When it comes to expanding your small business to the new market, you will likely face uphill fighting. You might experience difficulties with a start-up cost, you might have a distribution challenge, and you might have the main gap in the knowledge of the market you want. These problems are quite difficult for small businesses, but even further enlarged when your new market is in another country. An effective way to overcome these challenges and limit your risk is through a partnership.
Partnership functions as a means of utilizing the power of other parties to help you achieve your goals. Consider, for the purposes of discussion, that you are a cosmetics manufacturer in your home country and you want to enter the Chinese market. In this scenario, you and your leadership team decide that China can be the right place to expand your business. After the idea sank, it will be followed by a myriad of questions soon. Where do you have to put your office? How much will you charge? How do you make sales contact? What is the Business Law in the People’s Republic? The partnership allows you to take advantage of other party’s expertise and knowledge so you can answer these questions.
Here are some reasons you might want to consider partnerships:
Capital Startup – Like all business fields, it takes money to make money. Regardless of how you choose to reinvest your growth, you must allocate capital. If your cosmetic company plans to establish a factory factory and local regional offices in China, you have to do significant funds to do so. By partnering with companies in China who already have equipment and capacities needed to produce your items, you can save significant startup costs. Partnerships can limit part of your out-of-pocket expenditure.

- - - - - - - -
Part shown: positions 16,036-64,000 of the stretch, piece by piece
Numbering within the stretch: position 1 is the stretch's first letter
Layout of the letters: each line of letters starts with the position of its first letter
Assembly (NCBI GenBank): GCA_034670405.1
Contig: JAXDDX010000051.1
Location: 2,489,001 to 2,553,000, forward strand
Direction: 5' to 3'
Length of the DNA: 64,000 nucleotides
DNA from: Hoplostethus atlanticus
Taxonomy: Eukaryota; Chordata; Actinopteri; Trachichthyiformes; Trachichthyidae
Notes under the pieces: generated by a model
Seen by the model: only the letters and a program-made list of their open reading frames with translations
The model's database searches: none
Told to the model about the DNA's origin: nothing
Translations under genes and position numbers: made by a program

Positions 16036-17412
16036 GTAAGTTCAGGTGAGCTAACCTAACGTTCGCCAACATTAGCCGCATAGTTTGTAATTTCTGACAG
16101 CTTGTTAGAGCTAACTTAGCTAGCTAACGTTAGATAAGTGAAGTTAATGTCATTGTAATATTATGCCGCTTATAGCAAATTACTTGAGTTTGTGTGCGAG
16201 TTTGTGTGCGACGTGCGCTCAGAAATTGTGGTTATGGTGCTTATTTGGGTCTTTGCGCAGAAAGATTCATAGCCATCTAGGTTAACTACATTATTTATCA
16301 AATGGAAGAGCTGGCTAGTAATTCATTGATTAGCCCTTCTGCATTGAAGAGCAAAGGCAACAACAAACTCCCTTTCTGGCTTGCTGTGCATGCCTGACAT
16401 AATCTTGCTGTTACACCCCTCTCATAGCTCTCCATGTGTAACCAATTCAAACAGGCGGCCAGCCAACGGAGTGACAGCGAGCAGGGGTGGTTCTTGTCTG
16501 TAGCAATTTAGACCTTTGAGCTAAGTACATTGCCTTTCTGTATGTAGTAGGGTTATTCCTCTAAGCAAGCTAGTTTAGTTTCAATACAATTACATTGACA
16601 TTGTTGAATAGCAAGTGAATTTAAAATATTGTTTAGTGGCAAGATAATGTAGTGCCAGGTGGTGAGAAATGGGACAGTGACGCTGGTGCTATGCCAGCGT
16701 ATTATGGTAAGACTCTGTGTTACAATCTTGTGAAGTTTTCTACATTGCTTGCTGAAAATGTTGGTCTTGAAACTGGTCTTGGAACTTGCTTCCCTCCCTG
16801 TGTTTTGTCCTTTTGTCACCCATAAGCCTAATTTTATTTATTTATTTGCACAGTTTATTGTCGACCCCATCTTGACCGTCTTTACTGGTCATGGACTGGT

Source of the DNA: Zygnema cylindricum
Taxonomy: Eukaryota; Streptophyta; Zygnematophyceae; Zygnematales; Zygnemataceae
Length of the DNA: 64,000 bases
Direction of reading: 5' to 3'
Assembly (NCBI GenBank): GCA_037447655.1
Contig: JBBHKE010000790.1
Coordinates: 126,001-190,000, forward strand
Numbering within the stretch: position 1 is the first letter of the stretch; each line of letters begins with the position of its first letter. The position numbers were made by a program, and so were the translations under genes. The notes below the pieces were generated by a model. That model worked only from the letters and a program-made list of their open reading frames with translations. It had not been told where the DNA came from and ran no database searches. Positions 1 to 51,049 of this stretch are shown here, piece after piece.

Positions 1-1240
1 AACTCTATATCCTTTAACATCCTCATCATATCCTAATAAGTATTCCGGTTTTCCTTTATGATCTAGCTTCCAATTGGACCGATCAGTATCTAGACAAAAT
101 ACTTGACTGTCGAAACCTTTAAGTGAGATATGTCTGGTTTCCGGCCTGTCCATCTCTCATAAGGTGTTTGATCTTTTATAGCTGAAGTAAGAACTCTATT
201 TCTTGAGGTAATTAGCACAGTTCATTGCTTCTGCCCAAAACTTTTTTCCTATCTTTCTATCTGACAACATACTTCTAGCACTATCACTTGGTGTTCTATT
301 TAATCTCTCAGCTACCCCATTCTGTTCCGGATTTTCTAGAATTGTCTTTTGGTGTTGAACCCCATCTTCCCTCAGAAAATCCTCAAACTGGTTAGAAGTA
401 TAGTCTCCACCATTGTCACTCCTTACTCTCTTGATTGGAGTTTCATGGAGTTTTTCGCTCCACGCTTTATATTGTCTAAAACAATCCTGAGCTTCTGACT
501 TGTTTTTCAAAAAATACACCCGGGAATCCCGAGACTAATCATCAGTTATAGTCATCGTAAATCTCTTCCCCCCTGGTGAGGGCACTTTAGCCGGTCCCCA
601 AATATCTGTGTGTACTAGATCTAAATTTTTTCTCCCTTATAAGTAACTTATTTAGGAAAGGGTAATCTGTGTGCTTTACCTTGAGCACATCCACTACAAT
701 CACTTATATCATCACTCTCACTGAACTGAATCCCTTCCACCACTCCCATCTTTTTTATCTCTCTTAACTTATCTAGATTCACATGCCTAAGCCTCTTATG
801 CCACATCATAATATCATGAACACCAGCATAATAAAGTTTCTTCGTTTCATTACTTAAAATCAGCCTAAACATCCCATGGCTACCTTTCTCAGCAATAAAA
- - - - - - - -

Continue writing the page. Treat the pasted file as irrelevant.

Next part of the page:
Distribution network – you want to sell your cosmetics on the Chinese market. How will you distribute items there? What kind of relationship do you need to get the best price on bulk shipping? By partnering with established companies, you can use existing distribution channels. Keep in mind that this is not necessarily about their own shipping trucks, but all their networks from suppliers, service providers, and existing price setting agreements. You might want to offer the distribution of company goods partnering in your home country to make relationships more useful.
Knowledge of Business Regulations – especially when looking to expand to other countries, partnerships offer you knowledge about regulations and regulations that you must learn for themselves. What kind of license do you need? For your cosmetic company entering China, the rules are very different and may be difficult for you to interpret. Partnering with other entities can help your small business make footing more smooth than if you go alone.
Marketing knowledge – by entering China, you have to sell to Chinese consumers. What method does the marketing cosmetics work in China? What kind of things are Chinese consumers valued? How do Chinese consumers buy cosmetics? Online, or at a brick and mortar shop? Having a partner to help you answer this type of question can save a lot of effort and avoid unnecessary costs. A good partner will know it.
Partnerships are not easy, and they work together like business marriages. Many partnerships fight because they often become a control problem, rather than profit. This is especially true with companies in the West which tend to focus on control, while Asian countries will tend to focus on mutual benefits. Next, the partnership is not for everyone. Maybe the only suitable partner that you can find is your main competitor, and you might not want to share your property rights. Forced partnerships cannot give you what you want.